State lawmakers are hoping to get tough on drunk drivers who kill innocent people. The problem is, there is also a pricetag.
Just last week, police say Rebecca Benson drank and drove the wrong way down Interstate 65 before colliding into and killing Steffanie Leonard, who was on her way to work.
Lawmakers say too many times people are drinking or taking drugs and then killing innocent people behind the wheel.
Yet, the penalty for vehicular homicide is only 3 to 15 years.
"No one made them get high on crack or meth. No one made them drink and drive. They did it on their own, and they need to be held very accountable for that," said Rep. Eric Watson, R-Cleveland.
Watson heard about the case of Dustin Ledford, who was killed by a drunk driver with a .24 blood alcohol content.
He says he wants to make it easier to charge drivers who have a very high blood alcohol content, or who mix alcohol and meth, with aggravated vehicular homicide.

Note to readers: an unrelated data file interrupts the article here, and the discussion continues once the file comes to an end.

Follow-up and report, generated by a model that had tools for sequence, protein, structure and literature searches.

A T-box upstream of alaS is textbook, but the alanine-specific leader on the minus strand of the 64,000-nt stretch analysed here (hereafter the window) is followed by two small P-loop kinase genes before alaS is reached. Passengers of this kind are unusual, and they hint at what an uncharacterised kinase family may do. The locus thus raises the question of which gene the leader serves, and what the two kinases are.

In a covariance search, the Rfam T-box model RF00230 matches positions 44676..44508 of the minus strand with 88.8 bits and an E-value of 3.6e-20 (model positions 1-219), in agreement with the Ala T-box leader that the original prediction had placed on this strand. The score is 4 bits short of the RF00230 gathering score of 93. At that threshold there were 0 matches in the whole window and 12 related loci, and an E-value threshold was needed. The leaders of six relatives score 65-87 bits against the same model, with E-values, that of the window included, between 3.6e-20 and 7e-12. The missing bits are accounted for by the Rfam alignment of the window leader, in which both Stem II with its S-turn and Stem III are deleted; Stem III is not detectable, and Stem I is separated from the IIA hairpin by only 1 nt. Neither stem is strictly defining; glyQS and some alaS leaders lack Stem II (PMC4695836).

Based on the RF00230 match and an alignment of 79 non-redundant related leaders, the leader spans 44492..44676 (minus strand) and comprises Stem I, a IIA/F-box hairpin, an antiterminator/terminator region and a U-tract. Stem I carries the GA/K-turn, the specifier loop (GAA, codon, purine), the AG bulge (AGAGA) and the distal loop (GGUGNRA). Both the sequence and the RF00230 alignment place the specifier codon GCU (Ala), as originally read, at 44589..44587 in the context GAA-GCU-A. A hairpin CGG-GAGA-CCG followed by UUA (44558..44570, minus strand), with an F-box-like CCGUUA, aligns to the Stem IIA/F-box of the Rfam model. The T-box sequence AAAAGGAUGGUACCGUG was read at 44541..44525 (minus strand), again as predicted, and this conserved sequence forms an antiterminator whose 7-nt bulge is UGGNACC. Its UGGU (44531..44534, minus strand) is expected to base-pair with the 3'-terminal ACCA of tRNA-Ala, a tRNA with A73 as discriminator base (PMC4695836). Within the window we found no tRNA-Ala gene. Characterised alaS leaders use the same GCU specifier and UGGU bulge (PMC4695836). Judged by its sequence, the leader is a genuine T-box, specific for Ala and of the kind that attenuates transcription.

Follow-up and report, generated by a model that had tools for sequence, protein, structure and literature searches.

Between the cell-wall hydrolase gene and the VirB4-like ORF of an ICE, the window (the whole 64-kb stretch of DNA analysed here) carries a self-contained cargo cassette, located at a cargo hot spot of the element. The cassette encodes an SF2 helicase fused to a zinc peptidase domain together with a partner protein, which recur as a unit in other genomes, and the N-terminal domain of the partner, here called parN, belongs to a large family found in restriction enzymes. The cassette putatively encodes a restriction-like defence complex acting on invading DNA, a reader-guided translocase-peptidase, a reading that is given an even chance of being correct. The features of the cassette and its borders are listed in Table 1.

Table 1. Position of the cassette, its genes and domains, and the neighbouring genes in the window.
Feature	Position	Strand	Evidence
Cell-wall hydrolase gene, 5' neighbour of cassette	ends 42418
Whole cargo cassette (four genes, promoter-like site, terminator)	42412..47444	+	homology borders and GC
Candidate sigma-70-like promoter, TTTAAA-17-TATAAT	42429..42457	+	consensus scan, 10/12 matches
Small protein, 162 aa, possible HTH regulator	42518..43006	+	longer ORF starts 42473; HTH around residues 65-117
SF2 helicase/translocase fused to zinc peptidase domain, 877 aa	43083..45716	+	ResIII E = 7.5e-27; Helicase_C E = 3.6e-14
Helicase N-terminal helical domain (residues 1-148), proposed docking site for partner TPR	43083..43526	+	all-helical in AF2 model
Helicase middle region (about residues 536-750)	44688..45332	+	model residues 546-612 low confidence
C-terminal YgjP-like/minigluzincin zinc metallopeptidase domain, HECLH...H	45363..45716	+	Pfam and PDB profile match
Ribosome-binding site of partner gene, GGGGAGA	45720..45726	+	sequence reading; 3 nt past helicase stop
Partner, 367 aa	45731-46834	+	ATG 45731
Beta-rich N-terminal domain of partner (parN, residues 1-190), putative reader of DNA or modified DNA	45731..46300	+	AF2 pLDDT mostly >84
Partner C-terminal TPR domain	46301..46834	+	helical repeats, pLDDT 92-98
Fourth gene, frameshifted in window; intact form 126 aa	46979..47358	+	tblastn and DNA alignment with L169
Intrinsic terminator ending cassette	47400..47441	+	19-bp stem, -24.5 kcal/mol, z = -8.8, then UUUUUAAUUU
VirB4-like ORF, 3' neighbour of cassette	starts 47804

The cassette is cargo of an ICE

The penalty is much steeper at between 15 and 60 years in prison.
The problem, though, is money.
It will cost approximately $665,000 a year to keep those drunk drivers behind bars.
Watson says he met with Gov. Bill Haslam last week, and there is a good chance this bill become a law if not this year, then next year.
"If somebody's willing to drink and drive, or take drugs and drive, and kill somebody, they need to pay for that with a severe penalty," Watson said.
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